Millennials are also influenced in their travel choices by the fact that a number of ecosystems are under threat (think global warming, rising water levels), driving a sense of urgency for seeing destinations that are endangered and supporting tourism services that sustain vulnerable lands and species.

Shelton predicts that millennials will continue to drive the ‘experience economy’ as their spending power increases: “Because of this group’s focus on experiencing life, they’re far more likely to book a flight to attend a concert or sports event in person and we’re already seeing an uptick in event/experience related travel.”

Target destinations in 2017

Cheapflights identified three key locations likely to lure millennial travellers this year:

Finland: With saunas, snow, the Northern Lights in winter, hiking, beaches, stunning scenery and cultured cities in the summer, Finland should be on everyone’s travel to-do list. This year may be the best year to visit, as it is their 100th birthday celebration, which runs throughout the year. Celebration spots include a giant snow castle, housing a snow restaurant, snow hotel and even a snow chapel. There’s also a wine festival with five 100th anniversary wines and a grand ball to mark the birthday itself.

Polynesia: If “Frozen” is any measure, even an animated movie can turn a remote location into a popular destination. Just as the “The Lord of the Rings” movies spiked interest in New Zealand, which played the role of Middle Earth, visits to Norway increased by 20% after Disney brought the winter wonderland of Scandinavia to life in “Frozen.” Now the recently released “Moana” shines the spotlight on the incredibly scenic South Pacific, drawing inspiration from places like Hawaii, Tahiti and Cook Islands. While this may not be the most accessible destination for travellers, there is expected to be an increasingly swelling tide of visits, first from fans and then from those who have learned more about Polynesia from the media attention.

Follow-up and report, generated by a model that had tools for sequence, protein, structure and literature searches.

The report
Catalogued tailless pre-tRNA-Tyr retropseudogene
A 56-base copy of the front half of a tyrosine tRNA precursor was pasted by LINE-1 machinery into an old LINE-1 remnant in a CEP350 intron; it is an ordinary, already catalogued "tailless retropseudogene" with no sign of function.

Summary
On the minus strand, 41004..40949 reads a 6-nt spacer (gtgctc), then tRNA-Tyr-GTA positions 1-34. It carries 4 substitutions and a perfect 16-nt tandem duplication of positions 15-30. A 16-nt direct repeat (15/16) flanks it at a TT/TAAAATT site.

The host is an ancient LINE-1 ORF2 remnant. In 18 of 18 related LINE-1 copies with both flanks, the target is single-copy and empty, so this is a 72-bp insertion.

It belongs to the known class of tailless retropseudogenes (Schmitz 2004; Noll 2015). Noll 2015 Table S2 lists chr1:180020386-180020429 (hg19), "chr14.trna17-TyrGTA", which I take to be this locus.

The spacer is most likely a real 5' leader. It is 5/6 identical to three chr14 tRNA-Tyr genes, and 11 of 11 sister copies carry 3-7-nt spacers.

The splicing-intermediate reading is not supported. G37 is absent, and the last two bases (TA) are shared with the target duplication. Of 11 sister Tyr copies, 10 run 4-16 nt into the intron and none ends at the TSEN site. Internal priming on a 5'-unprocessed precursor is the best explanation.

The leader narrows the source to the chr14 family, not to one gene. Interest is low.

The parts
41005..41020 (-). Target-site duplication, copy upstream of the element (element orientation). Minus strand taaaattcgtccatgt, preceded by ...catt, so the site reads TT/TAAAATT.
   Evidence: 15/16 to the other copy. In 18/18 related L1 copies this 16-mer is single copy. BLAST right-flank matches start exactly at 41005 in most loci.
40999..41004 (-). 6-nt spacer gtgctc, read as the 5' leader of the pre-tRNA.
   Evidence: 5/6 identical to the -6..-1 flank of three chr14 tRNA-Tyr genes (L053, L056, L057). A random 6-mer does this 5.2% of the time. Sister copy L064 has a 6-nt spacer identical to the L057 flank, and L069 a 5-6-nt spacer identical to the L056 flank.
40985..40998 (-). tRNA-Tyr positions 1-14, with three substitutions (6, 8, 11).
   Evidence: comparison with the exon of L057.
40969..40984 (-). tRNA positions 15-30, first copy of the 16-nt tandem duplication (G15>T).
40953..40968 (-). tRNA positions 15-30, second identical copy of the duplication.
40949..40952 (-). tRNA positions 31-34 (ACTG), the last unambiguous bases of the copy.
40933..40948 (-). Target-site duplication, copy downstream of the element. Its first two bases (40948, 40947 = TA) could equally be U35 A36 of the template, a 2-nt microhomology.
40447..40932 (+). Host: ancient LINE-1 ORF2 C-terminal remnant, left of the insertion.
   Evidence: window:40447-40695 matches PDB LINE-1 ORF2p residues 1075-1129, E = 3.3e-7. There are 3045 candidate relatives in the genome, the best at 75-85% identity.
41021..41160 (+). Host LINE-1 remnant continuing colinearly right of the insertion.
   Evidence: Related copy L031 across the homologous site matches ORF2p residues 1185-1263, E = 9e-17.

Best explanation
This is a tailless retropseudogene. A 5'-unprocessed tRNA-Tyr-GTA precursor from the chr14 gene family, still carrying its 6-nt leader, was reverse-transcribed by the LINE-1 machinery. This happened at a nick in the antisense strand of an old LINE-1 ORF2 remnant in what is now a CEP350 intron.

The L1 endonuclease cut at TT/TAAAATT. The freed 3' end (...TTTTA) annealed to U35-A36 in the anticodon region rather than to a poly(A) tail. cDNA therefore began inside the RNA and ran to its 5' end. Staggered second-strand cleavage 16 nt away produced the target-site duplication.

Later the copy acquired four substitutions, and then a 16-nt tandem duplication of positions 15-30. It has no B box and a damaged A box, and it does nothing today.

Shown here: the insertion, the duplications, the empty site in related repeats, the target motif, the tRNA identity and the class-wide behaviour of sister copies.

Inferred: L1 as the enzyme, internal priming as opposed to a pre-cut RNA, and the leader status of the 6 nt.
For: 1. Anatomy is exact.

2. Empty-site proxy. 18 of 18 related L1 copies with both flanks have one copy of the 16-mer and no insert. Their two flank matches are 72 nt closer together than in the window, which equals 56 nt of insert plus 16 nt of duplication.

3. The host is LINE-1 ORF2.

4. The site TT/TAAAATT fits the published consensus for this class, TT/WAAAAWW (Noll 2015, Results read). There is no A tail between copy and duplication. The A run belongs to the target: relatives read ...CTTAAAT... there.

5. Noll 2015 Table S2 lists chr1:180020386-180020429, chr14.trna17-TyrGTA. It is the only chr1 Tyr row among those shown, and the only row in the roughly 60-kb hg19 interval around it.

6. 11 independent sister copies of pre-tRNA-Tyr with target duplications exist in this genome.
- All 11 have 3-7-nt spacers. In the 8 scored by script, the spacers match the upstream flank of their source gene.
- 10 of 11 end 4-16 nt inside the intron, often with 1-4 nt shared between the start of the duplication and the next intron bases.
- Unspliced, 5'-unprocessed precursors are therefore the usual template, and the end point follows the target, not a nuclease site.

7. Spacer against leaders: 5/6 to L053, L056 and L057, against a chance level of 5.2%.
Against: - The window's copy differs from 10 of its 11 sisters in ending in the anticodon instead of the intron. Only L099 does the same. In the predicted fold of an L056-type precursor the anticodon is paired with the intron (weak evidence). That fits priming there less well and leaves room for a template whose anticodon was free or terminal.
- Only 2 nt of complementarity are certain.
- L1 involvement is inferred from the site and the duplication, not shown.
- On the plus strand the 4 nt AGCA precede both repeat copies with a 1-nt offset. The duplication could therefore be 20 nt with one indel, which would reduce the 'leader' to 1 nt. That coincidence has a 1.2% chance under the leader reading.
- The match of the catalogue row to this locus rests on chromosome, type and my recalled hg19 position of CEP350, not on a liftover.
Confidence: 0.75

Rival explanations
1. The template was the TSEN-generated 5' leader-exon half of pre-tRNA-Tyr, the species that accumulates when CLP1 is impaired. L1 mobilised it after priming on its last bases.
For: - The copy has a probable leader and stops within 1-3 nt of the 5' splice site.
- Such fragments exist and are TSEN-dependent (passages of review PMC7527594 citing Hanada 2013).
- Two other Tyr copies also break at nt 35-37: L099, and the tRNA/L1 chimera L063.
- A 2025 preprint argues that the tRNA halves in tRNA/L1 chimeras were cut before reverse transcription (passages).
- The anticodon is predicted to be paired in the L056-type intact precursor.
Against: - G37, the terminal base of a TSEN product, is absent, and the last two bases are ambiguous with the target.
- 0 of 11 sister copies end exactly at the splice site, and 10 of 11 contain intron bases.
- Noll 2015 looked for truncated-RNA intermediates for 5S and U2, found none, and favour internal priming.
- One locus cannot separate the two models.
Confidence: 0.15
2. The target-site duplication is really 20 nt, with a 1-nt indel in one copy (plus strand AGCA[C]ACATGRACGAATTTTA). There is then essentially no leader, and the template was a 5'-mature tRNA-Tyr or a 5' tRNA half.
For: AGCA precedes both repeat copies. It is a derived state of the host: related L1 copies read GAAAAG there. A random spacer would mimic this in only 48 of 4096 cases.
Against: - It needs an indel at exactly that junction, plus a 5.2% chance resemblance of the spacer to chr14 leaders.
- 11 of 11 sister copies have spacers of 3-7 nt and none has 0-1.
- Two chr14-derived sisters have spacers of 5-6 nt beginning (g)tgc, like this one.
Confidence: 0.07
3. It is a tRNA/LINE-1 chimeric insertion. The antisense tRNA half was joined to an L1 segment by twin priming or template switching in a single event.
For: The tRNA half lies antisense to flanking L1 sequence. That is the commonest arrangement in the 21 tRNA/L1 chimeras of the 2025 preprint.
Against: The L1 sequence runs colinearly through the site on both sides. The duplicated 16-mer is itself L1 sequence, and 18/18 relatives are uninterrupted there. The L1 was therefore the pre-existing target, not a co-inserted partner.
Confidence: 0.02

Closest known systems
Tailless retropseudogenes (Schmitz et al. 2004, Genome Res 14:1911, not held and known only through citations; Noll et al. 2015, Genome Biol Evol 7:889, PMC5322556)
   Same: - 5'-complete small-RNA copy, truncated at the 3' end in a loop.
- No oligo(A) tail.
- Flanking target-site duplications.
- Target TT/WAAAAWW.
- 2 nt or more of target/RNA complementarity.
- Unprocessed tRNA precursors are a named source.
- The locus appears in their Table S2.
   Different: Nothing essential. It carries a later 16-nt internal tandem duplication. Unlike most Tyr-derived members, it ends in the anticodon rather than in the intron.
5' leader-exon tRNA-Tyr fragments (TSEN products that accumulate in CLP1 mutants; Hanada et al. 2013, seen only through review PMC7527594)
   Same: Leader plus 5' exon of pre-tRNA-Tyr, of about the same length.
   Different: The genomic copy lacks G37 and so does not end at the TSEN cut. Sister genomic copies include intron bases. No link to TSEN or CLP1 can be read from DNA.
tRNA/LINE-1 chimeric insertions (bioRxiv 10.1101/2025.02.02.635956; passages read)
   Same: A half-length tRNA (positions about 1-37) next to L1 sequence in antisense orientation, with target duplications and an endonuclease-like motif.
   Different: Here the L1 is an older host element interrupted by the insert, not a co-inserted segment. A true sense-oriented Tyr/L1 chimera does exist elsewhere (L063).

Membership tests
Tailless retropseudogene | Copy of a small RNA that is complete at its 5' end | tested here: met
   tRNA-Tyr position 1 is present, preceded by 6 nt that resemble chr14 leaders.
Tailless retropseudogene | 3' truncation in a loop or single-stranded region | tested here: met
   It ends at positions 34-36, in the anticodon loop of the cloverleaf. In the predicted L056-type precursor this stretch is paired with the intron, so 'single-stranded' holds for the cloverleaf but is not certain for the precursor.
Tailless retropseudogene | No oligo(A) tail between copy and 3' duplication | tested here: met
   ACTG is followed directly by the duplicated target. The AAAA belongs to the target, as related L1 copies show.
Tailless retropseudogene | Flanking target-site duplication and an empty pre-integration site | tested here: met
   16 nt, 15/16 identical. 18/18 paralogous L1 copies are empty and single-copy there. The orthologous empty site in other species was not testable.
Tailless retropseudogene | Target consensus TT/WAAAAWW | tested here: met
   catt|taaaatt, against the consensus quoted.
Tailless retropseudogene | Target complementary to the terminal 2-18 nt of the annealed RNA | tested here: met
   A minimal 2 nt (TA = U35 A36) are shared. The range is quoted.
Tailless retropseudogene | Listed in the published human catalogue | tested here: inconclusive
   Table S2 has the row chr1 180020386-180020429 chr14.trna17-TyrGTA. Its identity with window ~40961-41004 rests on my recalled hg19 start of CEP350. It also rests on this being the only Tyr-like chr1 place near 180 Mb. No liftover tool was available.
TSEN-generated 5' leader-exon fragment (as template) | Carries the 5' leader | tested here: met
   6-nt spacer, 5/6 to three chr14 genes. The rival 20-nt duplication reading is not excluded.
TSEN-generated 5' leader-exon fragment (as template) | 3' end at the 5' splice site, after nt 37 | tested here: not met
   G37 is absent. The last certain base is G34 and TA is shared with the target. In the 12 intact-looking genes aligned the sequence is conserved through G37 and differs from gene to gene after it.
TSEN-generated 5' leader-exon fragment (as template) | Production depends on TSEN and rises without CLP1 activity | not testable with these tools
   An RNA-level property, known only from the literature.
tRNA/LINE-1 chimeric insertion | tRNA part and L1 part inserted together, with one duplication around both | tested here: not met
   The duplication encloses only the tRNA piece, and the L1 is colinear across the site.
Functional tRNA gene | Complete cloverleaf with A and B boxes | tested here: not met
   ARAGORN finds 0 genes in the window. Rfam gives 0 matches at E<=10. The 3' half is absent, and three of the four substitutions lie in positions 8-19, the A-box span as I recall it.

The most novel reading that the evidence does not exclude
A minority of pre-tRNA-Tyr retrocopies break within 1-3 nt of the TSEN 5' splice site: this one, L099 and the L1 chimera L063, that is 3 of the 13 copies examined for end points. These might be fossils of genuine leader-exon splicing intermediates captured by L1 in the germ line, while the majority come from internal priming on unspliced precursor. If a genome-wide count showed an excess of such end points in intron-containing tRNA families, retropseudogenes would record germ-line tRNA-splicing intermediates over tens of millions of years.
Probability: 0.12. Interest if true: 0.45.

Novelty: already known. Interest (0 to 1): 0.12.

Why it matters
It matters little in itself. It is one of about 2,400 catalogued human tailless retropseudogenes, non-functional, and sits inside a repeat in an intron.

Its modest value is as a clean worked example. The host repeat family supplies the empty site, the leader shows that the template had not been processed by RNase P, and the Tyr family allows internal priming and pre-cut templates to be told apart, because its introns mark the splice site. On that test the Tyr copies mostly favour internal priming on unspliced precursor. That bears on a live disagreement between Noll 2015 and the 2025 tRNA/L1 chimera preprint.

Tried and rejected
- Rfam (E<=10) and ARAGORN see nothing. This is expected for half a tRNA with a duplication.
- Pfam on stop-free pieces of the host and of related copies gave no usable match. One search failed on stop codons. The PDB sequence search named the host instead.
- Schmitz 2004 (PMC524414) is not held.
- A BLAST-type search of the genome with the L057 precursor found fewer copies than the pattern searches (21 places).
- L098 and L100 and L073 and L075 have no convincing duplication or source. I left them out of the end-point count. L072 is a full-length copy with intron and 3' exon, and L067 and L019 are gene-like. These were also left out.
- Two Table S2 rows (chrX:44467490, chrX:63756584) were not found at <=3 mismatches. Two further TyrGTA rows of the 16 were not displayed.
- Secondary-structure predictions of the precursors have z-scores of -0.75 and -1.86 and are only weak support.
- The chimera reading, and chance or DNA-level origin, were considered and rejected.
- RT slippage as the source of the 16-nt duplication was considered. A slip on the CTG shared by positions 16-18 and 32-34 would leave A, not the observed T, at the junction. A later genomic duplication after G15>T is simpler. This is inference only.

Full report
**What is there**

Canada: All of Canada will be taking part in the country’s rolling 150th anniversary this year. Starting from New Year’s Eve, every event will be bigger and better, and every city and town will be getting in on the action with festivities and celebrations. Montreal will be doubling down on its celebrations, as 2017 also marks the city’s 375th anniversary. There will be 102 events throughout the city and the year, to be kicked off by lighting up the Expo 67 Biosphere. Look for everything from pop-up art galleries to seasonal festivals, and from neighbourhood celebrations to a concert featuring three orchestras and hundreds of performers. In a year when Canada is a hot spot for travel, Montreal looks to be a particularly big draw.

As millennials continue to explore the world (whether through bleisure or purely leisure) their preferences as the biggest group of travellers will continue to reshape the international travel industry for decades to come.